3D printing watch parts.

Hey everyone, I’m Warren Chang, a fellow WIS and follower of Mitka’s blog. As an avid tinkerer, I have wondered, like many others, if 3D-printing could bring any benefits to the table for watchmakers and watch enthusiasts. 

Post by Warren Chang

From reading around online, it appears that the general consensus over the past few years has been: 3D printing hasn’t advanced enough to be very useful. However, I’d like to offer a different, perhaps more up-to-date perspective on the matter.

In the past few years, additive manufacturing has grown significantly. Despite the hype dying down, rapid innovating consistently brings new features and refinements to the table. aiming to further incorporate the technology into typical product development processes. When you hear the phrase “3D-printing,” you probably conjure an image of either the desktop printers hobbyists use or the headline-grabbing organic-tissue printers most will never need access to. However, between the two extremes, there’s a lot in between, and even the simplest 3D-printers can offer benefits to watchmakers and watch enthusiasts.

Let’s begin with the most accessible variety of 3D printer: those utilizing Fused Deposition Modeling. FDM works like so: a tiny extruder squirts out hot plastic while a gantry system moves the extruder (or the build plate) in three dimensions. Slowly, the part manifests, layer by layer. A major benefit of FDM printers is their affordability. However, they are honestly nothing special when it comes to tolerances, especially when compared to other, more advanced types of printers. Thankfully, tolerances are not particularly important when it comes to simple tools.

Let’s consider two scenarios. First, let’s say I have a vintage OMEGA Speedmaster, and I want to find the serial number on the movement so I can get an Extract of the Archives to verify the movement’s origins. The second scenario involves the following: perhaps I am a watchmaker servicing an unfamiliar watch with caseback that doesn’t fit my particular tools. In both scenarios, my aim is to be able to access the movement conveniently, without scratching the caseback. Instead of paying hundreds for a specially-designed caseback opener hewn from a solid block of aluminum, I can simply take a few measurements and print out a simple caseback opener in an hour or two. With the proper opener in hand, the caseback can be removed in mere seconds.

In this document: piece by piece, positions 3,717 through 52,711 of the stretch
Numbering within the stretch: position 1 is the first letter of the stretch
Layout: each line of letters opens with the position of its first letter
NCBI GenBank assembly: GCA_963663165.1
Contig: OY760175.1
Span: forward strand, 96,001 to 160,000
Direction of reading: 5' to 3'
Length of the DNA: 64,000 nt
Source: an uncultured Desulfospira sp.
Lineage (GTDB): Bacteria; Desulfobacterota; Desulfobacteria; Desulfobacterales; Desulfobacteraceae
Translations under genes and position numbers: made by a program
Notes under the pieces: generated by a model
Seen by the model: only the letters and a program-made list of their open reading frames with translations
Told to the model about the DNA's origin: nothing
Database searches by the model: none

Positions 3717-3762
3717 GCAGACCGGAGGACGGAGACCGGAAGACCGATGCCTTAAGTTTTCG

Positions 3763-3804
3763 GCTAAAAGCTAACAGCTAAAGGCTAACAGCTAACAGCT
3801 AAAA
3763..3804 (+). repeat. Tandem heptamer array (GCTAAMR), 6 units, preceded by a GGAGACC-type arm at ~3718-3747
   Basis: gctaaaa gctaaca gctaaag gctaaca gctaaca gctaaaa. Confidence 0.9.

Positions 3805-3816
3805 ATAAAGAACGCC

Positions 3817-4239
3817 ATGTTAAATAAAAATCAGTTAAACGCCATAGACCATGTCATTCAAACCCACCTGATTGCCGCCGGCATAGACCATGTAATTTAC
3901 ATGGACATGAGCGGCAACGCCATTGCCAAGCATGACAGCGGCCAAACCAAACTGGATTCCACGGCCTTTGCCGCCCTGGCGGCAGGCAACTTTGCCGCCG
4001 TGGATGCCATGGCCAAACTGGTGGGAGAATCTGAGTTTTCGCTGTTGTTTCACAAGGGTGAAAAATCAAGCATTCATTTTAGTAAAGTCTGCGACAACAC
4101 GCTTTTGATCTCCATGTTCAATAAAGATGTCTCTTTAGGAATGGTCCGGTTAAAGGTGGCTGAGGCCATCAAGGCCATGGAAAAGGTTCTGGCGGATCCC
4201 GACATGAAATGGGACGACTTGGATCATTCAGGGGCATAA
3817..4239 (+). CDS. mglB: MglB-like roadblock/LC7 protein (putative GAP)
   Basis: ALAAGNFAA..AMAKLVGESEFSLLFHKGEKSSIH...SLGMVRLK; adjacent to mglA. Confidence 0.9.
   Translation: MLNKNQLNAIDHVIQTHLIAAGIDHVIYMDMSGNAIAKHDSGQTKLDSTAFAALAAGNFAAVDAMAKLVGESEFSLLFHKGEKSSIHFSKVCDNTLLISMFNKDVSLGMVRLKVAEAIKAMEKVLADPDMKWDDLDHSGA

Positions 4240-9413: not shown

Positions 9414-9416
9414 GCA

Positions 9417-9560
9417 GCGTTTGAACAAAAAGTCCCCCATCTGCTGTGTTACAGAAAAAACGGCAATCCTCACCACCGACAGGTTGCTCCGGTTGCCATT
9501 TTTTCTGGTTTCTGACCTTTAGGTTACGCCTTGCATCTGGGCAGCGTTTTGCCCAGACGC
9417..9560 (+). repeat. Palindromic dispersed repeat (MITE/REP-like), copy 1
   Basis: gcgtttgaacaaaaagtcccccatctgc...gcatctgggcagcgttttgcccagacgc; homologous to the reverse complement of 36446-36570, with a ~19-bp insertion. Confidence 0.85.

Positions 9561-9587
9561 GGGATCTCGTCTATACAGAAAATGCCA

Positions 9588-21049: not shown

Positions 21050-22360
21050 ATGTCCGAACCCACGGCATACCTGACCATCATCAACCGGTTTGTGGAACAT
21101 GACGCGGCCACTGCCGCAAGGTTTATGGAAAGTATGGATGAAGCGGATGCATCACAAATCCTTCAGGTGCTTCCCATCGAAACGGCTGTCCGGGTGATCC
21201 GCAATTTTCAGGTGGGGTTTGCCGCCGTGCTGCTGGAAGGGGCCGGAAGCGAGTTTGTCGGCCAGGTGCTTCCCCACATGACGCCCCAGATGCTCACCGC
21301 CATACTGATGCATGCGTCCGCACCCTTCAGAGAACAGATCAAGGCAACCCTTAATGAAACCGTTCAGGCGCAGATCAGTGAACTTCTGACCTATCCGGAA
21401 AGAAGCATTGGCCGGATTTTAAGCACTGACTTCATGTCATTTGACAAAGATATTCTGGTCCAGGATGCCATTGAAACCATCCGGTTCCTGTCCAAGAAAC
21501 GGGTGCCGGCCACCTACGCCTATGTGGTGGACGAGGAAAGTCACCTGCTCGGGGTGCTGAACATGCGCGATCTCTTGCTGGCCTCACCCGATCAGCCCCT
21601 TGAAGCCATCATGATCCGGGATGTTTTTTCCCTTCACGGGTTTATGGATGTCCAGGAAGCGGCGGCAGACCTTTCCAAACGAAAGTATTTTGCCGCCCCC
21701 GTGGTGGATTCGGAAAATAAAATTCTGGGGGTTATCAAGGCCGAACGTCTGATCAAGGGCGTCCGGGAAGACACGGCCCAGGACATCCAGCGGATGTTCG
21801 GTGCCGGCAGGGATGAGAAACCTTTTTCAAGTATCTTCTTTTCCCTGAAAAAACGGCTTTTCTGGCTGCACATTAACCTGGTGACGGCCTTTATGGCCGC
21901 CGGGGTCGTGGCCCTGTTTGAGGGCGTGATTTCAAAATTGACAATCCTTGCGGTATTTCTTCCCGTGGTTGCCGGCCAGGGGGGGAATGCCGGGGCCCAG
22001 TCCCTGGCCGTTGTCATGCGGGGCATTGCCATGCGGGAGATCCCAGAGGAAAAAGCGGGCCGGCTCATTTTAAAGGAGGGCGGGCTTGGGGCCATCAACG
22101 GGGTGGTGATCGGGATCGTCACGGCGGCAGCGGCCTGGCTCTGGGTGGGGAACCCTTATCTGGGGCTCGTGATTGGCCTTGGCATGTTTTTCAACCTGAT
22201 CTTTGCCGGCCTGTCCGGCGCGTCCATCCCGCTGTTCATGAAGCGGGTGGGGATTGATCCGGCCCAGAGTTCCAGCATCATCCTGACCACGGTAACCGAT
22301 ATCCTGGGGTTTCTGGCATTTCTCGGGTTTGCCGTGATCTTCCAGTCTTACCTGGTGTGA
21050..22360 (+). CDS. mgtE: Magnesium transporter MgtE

This is just one of the many applications for FDM printing. Someone looking to try out learn watchmaking could conceivably print out dedicated movement holders, specialised crystal presses, and oiler & screwdriver stands. Collectors would be able to create specialised bezel-removers and case back removers letting them customise, check, and swap components ad infinitum without ever needing to fear of scratching their cases.

Also, since the “ink” for an FDM printer is thermoplastic that literally costs cents, or pence, per gram, you can open hundreds and hundreds of unique case backs without ever getting close to the monetary cost of that fancy piece of kit.

Even if you don’t personally own a printer, you can still easily access the benefits it offers thanks the the developments accrued over the past few years. FDM printers can be easily purchased for around the $200 US mark, and 3D modelling software can be obtained for free from a variety of sources. For those who are less interested in purchasing a machine, online services are available to satisfy your needs. I’ve compiled a short list of that can get you started on your way if you’re interested. There’s a lot more out there, but these are just some companies that I have had enough personal experience with to recommend.

3D Printer Retailers:

  • Monoprice
  • Hatchbox (I find their PLA filament of very consistent quality)

3D Printing Services:

  • Shapeways
  • Sculpteo
  • Materialise

3D Modeling Software:

  • Autodesk Fusion 360 (Free for hobbyists and students)
  • Autodesk AutoCAD (Free for students)

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